CBY: There’s often a dialogue about how we have a better understanding of the surface of the moon than the world below the surface of our oceans. With fishing vessels and marine biology research efforts finding a wider menagerie of new deep sea species from the abyssopelagic, benthic, and demersal zones of the ocean, the configuration of biology found in marine life forms can be confounding and horrifying. What are the deep sea creatures that most preoccupy your thoughts?



WT: How long do we have? As I indicated before, I absolutely adore the ocean and sharks in particular, so I love learning about, for example, sleeper sharks that live near volcanic waters thought too hot to be hospitable to anything, or giant squid and how there’s actually far more species of deep sea colossal squid than we originally thought. There’s also the viperfish, which is a few inches long but basically all teeth, and cookie cutter sharks, which use bioluminescence to trick larger fish into thinking it’s prey, then latches onto them and carving out a bite sized chunk of whatever was trying to eat it. That dumb meme about the Roman Empire is how I think about the deep ocean, it comes to my mind far more than I’d like to admit.



CBY: You've just reminded me of the Lisa Frank Marine Biology meme, which also seems applicable to a degree. Without spoiling anything for our readers, does the graphic novel of Depths represent a fully contained narrative, or are you leaving an opening for subsequent stories within the same narrative world? What ideas have you come up with that didn’t quite make it into the current page count for this edition that we might be able to expect in some other form at some later date?




WT: Depths is a two part graphic novel and once it’s done, it’s done, but we do have a spiritual sequel in the form of a 1980s road trip with a brother and sister looking to scatter their parents’ ashes. There’s a lot more that we could do with the underwater setting, but this is the story we wanted to tell with these characters and I don’t have any regrets with leaving it with them. Maybe we’ll come back to do something wildly different eventually, but for now, this is all you can expect.



CBY: I'm glad to know there's a finite arc, and readers can look forward to the satisfaction of tying off loose ends with the characters. We’ve dug into your influences on Depths, but could you share for our readers what you’ve been checking out lately that has caught your attention; other comics, films, art, literature, music, etc.?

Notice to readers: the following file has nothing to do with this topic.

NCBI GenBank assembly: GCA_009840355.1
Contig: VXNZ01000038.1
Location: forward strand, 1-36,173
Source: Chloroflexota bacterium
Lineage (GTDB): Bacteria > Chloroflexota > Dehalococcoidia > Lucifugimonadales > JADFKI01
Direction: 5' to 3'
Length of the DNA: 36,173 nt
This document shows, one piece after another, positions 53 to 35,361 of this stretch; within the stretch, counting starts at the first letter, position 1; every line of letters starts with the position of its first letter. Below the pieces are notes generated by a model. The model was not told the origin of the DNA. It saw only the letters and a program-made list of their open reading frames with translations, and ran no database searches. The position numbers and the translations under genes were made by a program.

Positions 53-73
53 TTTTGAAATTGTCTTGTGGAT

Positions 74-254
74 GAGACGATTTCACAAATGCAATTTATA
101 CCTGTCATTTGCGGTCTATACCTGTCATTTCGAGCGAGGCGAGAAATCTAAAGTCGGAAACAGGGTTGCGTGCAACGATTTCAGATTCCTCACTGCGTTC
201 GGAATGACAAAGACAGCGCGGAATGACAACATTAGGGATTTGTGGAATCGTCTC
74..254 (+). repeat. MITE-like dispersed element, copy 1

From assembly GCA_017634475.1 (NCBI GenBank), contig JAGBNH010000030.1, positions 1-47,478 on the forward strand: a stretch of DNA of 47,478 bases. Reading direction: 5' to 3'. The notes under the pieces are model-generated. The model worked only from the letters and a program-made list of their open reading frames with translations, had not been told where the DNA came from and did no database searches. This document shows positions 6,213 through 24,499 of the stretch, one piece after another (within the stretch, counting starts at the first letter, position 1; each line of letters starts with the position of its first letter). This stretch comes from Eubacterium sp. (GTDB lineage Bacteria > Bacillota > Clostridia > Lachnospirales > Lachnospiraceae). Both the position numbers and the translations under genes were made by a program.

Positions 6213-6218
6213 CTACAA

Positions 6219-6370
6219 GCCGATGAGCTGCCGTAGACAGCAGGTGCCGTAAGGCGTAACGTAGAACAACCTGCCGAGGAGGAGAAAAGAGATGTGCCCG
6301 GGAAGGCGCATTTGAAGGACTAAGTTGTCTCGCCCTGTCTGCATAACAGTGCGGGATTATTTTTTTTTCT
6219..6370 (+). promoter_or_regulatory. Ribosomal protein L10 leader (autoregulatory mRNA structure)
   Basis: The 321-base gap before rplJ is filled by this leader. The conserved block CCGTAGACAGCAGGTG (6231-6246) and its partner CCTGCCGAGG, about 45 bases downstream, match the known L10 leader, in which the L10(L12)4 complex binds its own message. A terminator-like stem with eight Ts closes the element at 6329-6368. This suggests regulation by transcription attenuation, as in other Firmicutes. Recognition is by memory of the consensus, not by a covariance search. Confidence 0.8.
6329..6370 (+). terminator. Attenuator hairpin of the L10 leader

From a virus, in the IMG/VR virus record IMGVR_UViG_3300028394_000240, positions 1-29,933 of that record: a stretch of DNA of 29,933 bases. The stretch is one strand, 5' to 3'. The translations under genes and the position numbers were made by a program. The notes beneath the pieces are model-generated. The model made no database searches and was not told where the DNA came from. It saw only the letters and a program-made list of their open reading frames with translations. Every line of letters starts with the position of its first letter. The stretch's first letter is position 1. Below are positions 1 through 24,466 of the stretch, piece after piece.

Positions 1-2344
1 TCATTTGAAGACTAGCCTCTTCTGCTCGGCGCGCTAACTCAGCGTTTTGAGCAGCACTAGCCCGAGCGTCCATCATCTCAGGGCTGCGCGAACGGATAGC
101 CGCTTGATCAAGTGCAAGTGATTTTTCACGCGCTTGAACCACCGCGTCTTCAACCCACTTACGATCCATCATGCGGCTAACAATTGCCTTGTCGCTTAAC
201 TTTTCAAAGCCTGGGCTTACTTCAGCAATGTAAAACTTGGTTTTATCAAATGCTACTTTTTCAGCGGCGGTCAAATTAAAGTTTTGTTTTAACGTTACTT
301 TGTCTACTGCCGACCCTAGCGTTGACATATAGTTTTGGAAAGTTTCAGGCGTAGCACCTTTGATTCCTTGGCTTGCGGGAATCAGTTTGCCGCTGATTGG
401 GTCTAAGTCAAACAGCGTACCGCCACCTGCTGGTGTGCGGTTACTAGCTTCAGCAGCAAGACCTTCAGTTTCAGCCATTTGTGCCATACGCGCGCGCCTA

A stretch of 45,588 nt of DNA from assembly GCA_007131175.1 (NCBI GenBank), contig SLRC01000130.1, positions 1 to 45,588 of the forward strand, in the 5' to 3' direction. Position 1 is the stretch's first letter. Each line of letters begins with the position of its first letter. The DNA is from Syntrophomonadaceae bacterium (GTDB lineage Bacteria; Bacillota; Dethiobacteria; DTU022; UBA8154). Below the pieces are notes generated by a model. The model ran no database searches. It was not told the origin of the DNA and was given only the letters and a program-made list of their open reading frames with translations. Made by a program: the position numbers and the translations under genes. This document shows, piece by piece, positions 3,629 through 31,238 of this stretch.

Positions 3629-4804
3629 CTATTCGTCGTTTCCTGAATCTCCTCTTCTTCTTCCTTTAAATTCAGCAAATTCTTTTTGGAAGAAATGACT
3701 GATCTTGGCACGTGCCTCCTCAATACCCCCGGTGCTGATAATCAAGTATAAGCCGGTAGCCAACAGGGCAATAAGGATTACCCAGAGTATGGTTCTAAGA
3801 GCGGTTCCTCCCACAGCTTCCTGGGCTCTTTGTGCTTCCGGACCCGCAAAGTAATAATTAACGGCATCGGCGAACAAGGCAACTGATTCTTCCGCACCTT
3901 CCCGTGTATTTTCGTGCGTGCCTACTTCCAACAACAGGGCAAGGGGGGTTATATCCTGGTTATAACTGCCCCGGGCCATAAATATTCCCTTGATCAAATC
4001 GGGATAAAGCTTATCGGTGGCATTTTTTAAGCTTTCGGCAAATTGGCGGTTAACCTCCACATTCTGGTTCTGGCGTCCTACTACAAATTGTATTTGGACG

WT: I feel like I’m reading more and more comics that make me want to rethink how I even approach storytelling, and there are way too much to list here. These Savage Shores was one of the most gripping horror narratives I’ve read in a while, Home Sick Pilots is everything comics should be and more, Sunstone turns smut into one of the most sincere love stories ever written, and A. Guardian from Eastin DeVerna turns incredibly dense lore and world-building into something truly compelling.


Film and TV wise, I recently watched Fall of the House of Usher and it really grabbed me and made me start thinking about adaptation as an artform. Not sure if I’ll truly commit to doing anything with that, but I said the same thing about Romance and now I’m in the middle of fulfilling The Catskin and the Rose with Rachel Distler, so who knows.



CBY: That ought to keep our readers occupied with new material for a bit while they way fir their copies of Depths to arrive! Wells, thanks for joining us in the Yeti Cave - we’ve linked to the Zoop campaign, but please let our readers know where they may find your other publications and social media below:


WT: It’s been a pleasure! I’m on substack with the newsletter Comics, Cats, & Cocktails, where we discuss all of those things and you can find my books on my personal website, wellsthompson.com as well as on Ko-Fi.